Filing for bankruptcy can be a very challenging experience. For many people, the biggest question is related to which types of debt can be discharged. One type of debt that many find confusing are court judgments.

Court judgments are awards plaintiffs have won against you by filing a lawsuit in court. These awards may arise from all types of transactions, including medical expenses or personal injuries related to negligence. The bankruptcy rules on these types of judgments are not clear-cut, as some of these debts may be dischargeable while others are not.

In California, if you have a judgment against you that involves a debt such as unpaid medical bills or consumer loans, you can likely discharge it in bankruptcy. Although the judgment will remain on record with the local court, it is no longer enforceable by the creditor.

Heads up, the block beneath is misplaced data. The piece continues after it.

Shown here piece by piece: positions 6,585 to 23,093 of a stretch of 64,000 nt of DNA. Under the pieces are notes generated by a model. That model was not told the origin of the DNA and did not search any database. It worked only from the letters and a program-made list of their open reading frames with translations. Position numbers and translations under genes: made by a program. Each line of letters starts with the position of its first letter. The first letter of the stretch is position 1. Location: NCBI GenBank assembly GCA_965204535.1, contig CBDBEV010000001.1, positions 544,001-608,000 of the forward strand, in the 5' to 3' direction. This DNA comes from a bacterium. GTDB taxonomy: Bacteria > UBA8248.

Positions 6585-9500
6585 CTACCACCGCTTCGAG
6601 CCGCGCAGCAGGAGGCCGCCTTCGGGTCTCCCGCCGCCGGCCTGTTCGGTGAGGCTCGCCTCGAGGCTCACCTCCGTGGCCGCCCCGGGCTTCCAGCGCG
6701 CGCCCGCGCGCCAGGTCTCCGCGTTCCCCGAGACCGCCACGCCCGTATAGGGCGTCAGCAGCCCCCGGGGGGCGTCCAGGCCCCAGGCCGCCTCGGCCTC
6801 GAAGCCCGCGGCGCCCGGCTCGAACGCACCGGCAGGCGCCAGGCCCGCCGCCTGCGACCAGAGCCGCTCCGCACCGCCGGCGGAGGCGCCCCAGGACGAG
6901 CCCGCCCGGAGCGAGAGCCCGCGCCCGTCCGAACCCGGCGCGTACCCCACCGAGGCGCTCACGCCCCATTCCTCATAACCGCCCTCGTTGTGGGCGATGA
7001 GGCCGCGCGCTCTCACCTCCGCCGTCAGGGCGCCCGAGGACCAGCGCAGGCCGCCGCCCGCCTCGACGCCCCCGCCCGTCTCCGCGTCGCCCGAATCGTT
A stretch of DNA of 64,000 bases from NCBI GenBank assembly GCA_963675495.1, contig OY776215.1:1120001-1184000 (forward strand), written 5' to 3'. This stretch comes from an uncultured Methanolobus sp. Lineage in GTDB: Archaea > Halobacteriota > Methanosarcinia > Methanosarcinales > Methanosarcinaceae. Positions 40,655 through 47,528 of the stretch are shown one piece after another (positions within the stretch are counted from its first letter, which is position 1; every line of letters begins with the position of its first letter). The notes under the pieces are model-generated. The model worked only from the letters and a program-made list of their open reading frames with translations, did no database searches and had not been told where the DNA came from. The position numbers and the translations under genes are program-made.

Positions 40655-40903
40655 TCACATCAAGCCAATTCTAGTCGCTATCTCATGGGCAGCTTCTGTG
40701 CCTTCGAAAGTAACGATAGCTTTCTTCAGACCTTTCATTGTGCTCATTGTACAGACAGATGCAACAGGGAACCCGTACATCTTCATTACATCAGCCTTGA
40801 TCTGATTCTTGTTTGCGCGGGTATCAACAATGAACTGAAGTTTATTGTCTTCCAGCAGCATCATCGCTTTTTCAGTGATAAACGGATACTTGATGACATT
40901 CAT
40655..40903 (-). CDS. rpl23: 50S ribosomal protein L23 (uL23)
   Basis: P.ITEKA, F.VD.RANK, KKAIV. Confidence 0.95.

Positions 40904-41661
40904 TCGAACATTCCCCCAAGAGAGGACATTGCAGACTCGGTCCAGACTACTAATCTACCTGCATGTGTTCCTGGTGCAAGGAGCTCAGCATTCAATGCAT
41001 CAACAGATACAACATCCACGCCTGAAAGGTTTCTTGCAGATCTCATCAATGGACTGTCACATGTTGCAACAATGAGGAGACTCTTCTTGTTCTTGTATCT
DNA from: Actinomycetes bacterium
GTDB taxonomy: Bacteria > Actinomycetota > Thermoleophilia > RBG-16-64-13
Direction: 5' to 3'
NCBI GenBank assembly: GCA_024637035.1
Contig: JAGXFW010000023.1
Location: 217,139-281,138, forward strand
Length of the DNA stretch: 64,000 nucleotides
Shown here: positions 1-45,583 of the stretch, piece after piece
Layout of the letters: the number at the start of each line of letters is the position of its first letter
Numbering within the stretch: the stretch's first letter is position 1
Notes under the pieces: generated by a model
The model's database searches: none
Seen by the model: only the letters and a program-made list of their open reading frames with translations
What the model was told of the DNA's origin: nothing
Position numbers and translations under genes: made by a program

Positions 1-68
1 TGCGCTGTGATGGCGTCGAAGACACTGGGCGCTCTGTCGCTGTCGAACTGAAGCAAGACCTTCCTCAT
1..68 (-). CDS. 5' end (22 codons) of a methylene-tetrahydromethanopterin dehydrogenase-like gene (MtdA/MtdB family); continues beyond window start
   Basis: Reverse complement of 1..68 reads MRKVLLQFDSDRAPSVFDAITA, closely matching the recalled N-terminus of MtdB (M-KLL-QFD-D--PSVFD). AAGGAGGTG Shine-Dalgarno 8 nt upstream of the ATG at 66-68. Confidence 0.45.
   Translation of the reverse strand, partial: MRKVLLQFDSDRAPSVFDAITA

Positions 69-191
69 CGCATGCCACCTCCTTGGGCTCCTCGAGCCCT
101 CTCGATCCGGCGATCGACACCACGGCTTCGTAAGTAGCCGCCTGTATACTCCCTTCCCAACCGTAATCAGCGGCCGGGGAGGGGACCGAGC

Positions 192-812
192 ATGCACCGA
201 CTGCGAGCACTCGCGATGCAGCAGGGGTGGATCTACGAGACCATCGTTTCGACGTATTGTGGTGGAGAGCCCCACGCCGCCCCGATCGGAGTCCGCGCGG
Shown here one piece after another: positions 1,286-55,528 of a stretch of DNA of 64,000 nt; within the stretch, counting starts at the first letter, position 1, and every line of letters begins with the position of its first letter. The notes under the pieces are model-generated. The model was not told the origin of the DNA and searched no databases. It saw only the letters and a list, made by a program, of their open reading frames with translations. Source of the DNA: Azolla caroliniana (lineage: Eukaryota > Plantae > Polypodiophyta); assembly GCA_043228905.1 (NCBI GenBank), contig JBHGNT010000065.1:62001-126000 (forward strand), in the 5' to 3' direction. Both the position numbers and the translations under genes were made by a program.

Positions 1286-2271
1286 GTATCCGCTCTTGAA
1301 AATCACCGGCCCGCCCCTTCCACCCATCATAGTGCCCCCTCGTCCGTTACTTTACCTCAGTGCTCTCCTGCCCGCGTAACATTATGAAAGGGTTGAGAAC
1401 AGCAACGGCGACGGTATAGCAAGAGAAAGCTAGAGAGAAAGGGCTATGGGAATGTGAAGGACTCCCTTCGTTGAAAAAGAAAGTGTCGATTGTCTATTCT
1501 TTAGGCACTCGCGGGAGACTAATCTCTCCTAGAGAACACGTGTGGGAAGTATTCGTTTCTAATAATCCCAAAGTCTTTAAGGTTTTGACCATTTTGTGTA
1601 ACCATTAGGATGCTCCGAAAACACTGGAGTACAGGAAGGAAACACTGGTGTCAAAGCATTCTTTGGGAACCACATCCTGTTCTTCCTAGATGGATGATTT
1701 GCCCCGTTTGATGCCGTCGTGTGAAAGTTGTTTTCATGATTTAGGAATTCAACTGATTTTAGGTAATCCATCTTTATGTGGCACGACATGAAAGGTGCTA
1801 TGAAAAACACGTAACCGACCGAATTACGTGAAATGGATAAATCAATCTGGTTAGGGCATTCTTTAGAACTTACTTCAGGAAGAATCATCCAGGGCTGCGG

You can likely discharge judgments in bankruptcy related to negligence.If you owe money stemming from a personal injury lawsuit, for example, you usually can discharge it in bankruptcy, unless you were determined to have been driving under the influence. Even after a bankruptcy hearing, you will still be on the hook to pay the amount you owe.

It’s also important to note that judgments resulting in property liens are usually not removable through bankruptcy, unless they impair on exemption in property that you can claim. If a creditor gets a judgment against you and then uses it to place a lien on your property, a separate legal procedure is required to undo this option.

If you have questions or need assistance when filing for bankruptcy protection, work with Max Gardner, an AV-rated California bankruptcy attorney.